Applications Due: June 15, 2013
Workshop Runs: October 13 – October 18th, 2013
A couple of years ago, I attended Viable Paradise, a week-long workshop for science fiction and fantasy writers. Applications for this year’s VP class are due on June 15th, which is a scant five weeks away. If you’re on the fence about applying this year, allow me to present some arguments for why you should.
Intensity of Focus
VP is a residential workshop, which means you spend the whole week with your fellow students and instructors in beautiful Martha’s Vineyard. And while the environment may be picturesque, don’t kid yourself: you’re not going to spend the week taking in the sights. Instead, the week is an intensely focused period of genre exploration. You’ll be talking genre, writing craft, and philosophy of art from morning ’til late into the night.
The experience isn’t nearly as intimidating as that might sound. First, everyone there – the instructors, the staff, and the other students – all love the genre just as much as you do. The instructors are all working professionals in the field, and have years of experience on both sides of the editorial divide. The volunteer staff (who are there for logistical/emotional support and to make sure everyone eats well) are all VP alums, so they’ve gone through the same intense experience (disclaimer: I was one of the volunteer staff last year, and I will be again this year). And your fellow students? They are all there for the same reason you are: because they love the genre, and they want to get better at the craft of writing.
The intensity of the VP experience is a by-product of everyone’s passion for the craft. And that shared passion is one of the most important features of VP. Where else could you talk story structure and world-building techniques into the wee hours of the morning for an entire week?
Differences of Approach
Each of Viable Paradise’s eight instructors have their own methods, their own perspectives, and their own beliefs about what it takes to produce the highest quality fiction. VP is unique in that all eight instructors are there and teaching in parallel, which means that students get to see the different perspectives juxtaposed alongside one another.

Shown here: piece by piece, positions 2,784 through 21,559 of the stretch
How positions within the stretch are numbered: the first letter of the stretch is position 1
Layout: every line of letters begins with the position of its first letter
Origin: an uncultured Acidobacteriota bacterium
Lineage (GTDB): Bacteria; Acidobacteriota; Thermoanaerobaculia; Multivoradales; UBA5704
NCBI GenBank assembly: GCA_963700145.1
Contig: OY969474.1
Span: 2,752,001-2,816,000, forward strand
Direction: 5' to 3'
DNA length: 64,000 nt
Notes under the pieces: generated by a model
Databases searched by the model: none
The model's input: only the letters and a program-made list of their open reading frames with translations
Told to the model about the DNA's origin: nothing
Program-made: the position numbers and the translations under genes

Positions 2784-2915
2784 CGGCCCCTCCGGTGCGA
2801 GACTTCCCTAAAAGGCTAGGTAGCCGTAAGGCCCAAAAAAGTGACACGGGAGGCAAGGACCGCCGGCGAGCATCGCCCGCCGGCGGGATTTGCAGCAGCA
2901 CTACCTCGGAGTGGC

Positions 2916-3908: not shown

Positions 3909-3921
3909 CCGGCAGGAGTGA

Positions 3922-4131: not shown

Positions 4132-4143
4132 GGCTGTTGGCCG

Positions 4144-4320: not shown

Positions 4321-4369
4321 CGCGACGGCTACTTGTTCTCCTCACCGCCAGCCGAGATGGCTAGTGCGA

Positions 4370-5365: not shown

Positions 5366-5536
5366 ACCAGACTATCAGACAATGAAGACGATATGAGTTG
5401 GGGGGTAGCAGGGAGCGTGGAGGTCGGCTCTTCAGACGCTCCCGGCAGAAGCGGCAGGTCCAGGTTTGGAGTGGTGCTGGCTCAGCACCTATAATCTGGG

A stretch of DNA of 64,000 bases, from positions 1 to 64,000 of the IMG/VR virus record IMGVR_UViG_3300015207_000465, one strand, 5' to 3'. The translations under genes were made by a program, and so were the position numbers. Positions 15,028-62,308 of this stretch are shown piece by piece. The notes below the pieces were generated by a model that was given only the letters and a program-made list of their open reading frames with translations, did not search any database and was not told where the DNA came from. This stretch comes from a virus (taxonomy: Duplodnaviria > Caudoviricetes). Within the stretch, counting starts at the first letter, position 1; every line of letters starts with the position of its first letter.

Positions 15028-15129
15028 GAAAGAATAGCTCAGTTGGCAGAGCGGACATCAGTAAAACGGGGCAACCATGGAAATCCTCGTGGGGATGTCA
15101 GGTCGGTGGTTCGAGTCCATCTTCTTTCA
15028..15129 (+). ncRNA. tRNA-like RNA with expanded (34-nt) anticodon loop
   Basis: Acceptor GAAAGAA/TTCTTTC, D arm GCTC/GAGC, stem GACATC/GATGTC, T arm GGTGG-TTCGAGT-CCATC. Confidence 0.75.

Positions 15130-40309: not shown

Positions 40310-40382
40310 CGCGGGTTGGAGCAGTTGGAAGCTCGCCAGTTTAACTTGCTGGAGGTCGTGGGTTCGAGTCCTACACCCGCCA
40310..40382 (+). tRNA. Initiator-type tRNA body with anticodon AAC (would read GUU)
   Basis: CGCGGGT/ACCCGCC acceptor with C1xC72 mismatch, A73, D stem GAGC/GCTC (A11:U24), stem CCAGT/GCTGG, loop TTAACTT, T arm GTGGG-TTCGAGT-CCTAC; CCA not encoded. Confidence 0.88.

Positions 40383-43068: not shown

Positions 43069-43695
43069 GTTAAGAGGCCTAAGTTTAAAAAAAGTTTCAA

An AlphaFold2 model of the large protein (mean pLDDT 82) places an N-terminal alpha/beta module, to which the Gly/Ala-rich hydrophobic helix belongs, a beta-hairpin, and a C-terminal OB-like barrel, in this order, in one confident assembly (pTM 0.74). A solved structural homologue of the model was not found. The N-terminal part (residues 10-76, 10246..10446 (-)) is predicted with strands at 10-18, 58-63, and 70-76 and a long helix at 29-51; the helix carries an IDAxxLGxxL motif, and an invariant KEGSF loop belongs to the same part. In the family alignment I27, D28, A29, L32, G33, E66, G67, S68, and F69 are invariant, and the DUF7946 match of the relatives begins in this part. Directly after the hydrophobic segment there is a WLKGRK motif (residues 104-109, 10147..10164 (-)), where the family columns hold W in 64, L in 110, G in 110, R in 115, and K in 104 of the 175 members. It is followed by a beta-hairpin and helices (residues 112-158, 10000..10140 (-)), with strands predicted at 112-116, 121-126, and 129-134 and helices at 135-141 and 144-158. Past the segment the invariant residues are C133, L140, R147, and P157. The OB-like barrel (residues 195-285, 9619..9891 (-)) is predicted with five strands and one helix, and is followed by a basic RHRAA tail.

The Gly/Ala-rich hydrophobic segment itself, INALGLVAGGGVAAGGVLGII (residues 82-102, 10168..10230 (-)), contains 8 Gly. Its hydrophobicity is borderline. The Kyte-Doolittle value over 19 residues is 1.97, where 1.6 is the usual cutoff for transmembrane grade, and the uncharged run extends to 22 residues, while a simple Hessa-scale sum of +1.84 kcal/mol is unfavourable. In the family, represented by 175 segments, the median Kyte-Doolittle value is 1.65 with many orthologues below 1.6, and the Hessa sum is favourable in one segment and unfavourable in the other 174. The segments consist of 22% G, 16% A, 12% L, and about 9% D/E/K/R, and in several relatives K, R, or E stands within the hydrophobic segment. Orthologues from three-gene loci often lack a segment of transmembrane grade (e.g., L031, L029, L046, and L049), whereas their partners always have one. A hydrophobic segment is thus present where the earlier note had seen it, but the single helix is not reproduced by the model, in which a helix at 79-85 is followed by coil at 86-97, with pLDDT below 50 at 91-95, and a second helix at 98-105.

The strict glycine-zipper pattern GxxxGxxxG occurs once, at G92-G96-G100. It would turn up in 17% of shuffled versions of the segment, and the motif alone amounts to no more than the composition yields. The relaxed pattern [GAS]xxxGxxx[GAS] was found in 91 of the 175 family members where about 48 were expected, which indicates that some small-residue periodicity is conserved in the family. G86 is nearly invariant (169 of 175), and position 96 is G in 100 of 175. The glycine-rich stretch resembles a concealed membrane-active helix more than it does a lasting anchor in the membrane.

For me, this really drove home the lesson that there are many equally-valid ways to achieve a desired effect. By getting to see different approaches at the same time, I was able to synthesize new techniques and writing processes that work for me, for the way my mind works, and for the way my writing process works. If I were only exposed to one or two instructors at a time, I think I would have had a harder time developing this synthesis.
Novels and Short Stories
Over the years, VP has gotten the reputation of being a “novel-focused” workshop, and for me, this was a feature – not a bug. The opportunity to get the start of my novel critiqued, to have my synopsis examined, and to discuss the practical business of the modern novel market with folks who know it far better than I do was incredibly valuable.
However, despite its reputation for focusing on novel-length works, plenty of students apply with short stories. The instructors all work in both novel and short story lengths, and have done so for years. They have the experience in both forms to understand each form’s constraints and strengths. This helps to bring a very holistic perspective to the craft, and their understanding of the novel filters into the short story discussions, while the short story insights bleed into the novel-length discussions.
The result is an experience that – for me, at any rate – improved my work in both the short and novel length works.
Do You Want to Take Your Writing to the Next Level?
The best way to decide if VP is right for you is to ask yourself: do you want to take your writing to the next level? In my class, we had absolute newbies (me among them), agented authors, SFWA-member authors, and a number in between these various phases of a writing career. Regardless of where we were when we arrived, we left the island able to apply new skills and new perspectives to our writing, which in turn helped us to raise the level of our work.
Since we graduated in 2011, many of my classmates have gone on to publish short stories in various professional markets, to close multi-book deals, to self-publish their books, or (in my case) have their non-fiction selected for a best-of collection.
It didn’t matter where we started from or what our individual goals were, we leveled-up thanks to our experiences at VP.
If you’re looking for more information about VP, I strongly recommend the Viable Paradise web site.
And if you want a more detailed discussion of my experience at VP, and the costs associated with it, here are my Reflections on the Workshop Experience: Viable Paradise.
And since I’m planning on working as staff again this year, I hope to see you there in the fall!